William Wordsworth is considered by many to be one of the most efficient. and studied poets of English Literature. With his many endowments. and assistance by his sister. Dorothy Wordsworth. he had produced many narratives and vocals during his period. Wordsworth has been compared to the finest writer in English Literature. William Shakespeare. Wordsworth’s endowment is viewed in his many verse forms. including “I Wandered Lonely as a Cloud” . “Ode: Hints of Immortality” and “The Solitary Reaper” . In the twelvemonth 1803. Wordsworth. his sister. and his beloved friend and fellow poet Samuel Taylor Coleridge had taken a trip to see the Scots Highlandss.
While at that place. they all witnessed lone harvesters. which were non a really uncommon sight. The verse form “The Solitary Reaper” is based on one such miss who Wordsworth heard intoning an inexplicable tune. He describes how he is astonished by this girl’s expressive beauty. and the peaceable temper it creates for him. In this verse form. the most outstanding lexical features are repeat of words that express more or less of the same significance. For illustration. purdah. which in Latin is Solus—an adjectival significance ‘only. individual. alone’ .
Solitude is the subject throughout the verse form. and Wordsworth chose assorted words to make a calm environment where readers can chew over about the significance of the verse form. This is apparent in stanza one. where individual. lone. by herself. and entirely are all words presented to show the solidness that the verse form is focused about. There is another return of words that is focused around the subject of sound. There are: vocalizing. sings. listen and sound in stanza one. Nightingale …chaunt. notes. voice. heard. cuckoo-bird in stanza two. state. sings. flow in Stanza three. and American ginseng. vocal. vocalizing. listened. music. heard in stanza four.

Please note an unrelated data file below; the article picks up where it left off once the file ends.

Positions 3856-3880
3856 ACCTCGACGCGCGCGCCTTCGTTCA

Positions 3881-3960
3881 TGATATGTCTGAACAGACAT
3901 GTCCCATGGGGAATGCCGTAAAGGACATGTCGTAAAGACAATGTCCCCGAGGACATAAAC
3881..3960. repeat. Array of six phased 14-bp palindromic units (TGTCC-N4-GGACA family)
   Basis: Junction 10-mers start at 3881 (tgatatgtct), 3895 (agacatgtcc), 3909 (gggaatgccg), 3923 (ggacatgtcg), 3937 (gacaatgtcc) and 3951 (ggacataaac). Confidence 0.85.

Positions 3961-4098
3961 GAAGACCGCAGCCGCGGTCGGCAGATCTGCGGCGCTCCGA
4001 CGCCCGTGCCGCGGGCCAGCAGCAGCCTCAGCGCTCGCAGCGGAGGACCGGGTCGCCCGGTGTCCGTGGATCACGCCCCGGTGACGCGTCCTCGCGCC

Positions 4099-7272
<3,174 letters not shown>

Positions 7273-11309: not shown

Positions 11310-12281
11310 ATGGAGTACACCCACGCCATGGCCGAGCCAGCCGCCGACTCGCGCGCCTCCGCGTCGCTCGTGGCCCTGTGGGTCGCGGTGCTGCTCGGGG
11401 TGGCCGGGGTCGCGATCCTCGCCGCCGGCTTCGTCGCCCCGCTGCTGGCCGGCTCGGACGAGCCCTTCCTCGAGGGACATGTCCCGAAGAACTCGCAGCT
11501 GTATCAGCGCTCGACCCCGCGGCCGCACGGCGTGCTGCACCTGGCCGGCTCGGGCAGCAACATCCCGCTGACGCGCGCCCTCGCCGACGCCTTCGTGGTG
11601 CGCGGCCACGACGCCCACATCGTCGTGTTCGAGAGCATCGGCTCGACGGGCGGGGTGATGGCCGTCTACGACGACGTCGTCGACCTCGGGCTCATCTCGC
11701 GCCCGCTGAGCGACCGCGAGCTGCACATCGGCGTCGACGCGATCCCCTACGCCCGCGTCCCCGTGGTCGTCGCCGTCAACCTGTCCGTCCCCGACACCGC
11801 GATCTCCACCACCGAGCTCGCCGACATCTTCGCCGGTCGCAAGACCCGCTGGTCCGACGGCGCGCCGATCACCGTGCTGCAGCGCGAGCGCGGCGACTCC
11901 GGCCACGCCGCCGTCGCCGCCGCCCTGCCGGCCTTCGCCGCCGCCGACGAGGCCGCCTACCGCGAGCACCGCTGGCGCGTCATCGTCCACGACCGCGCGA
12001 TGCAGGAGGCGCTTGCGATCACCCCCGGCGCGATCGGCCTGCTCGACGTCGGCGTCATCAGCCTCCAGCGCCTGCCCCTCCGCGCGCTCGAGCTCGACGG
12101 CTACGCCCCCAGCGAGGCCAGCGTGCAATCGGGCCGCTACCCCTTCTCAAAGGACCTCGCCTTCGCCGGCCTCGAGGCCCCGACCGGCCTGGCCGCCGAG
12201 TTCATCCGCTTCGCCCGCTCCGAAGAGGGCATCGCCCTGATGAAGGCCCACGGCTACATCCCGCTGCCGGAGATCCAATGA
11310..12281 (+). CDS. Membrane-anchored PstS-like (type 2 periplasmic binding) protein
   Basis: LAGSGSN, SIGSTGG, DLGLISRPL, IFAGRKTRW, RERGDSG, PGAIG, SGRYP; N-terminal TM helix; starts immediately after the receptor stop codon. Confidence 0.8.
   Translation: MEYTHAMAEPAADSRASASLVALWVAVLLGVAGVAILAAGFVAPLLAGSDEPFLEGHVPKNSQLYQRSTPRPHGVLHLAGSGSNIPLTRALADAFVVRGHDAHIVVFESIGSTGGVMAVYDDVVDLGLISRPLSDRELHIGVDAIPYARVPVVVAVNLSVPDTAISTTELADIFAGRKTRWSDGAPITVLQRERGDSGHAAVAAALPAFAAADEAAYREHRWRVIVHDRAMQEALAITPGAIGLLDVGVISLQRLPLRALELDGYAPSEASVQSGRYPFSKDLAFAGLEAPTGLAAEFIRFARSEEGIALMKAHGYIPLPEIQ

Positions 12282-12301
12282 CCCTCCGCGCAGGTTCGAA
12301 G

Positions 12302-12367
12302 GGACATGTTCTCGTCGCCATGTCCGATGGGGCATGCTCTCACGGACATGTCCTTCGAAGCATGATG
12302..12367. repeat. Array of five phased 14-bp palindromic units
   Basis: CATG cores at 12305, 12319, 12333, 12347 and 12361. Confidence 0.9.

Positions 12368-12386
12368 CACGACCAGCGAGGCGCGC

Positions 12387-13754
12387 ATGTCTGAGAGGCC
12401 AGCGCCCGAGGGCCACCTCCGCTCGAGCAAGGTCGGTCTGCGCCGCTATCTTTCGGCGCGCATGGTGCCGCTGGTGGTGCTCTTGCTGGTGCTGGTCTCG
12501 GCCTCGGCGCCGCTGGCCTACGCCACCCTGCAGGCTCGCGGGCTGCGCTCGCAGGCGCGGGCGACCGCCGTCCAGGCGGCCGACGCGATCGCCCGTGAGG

The Scots girl’s Sweet vocalizing. and the peaceable phase implicates melodiousness. and this is the ground why purdah and music is emphasized an exceeding sum of times throughout the verse form. The singing miss in this verse form is lone in an optimistic mode. Siting at that place. she is at one with nature and in the verse form. is compared to Luscinia megarhynchoss and cuckoo-birds. Wordsworth is composing as though she about is nature. and fits in absolutely with her natural milieus. He states that her vocalizing is much more bewitching than any of the birds. and insinuates that she is more than nature with “a voice so electrifying.
Wordsworth can non really hear human music in the girl’s vocal. but he hears the music of nature. and to him. this is much more admirable. Wordsworth sees the words of this vocal as poesy. doing him mesmerized by the adult female. The linguistic communication throughout this verse form imitates nature. and how it flows fluidly. and is set in a simple environment and still. beauty surrounds him. Throughout the four stanzas. the first and the 4th stanza follow the rime form ABABCCDD. where the 2nd and 3rd follow ABCBDDEE. There are many repeats of vowel and harmonic sounds. doing accent. harmoniousness. and integrity.
For an illustration. the repeat of /ing/ sounds throughout the verse form. ( individual. harvesting. singing. sing. thrilling. spring. interrupting. thing. stoping. bending. ) These four eight-line stanzas are written in chiefly iambic tetrameter. The chief subject throughout the verse form “The Solitary Reaper” seems to be one that admires the thought of nature. and one’s single topographic point within it. Wordsworth is able to hear the vocal of the lone harvester. and hear the significance of it in his ain head allows for a huge moral imaginativeness. This would merely be possible with Wordsworth’s credence into the natural scene.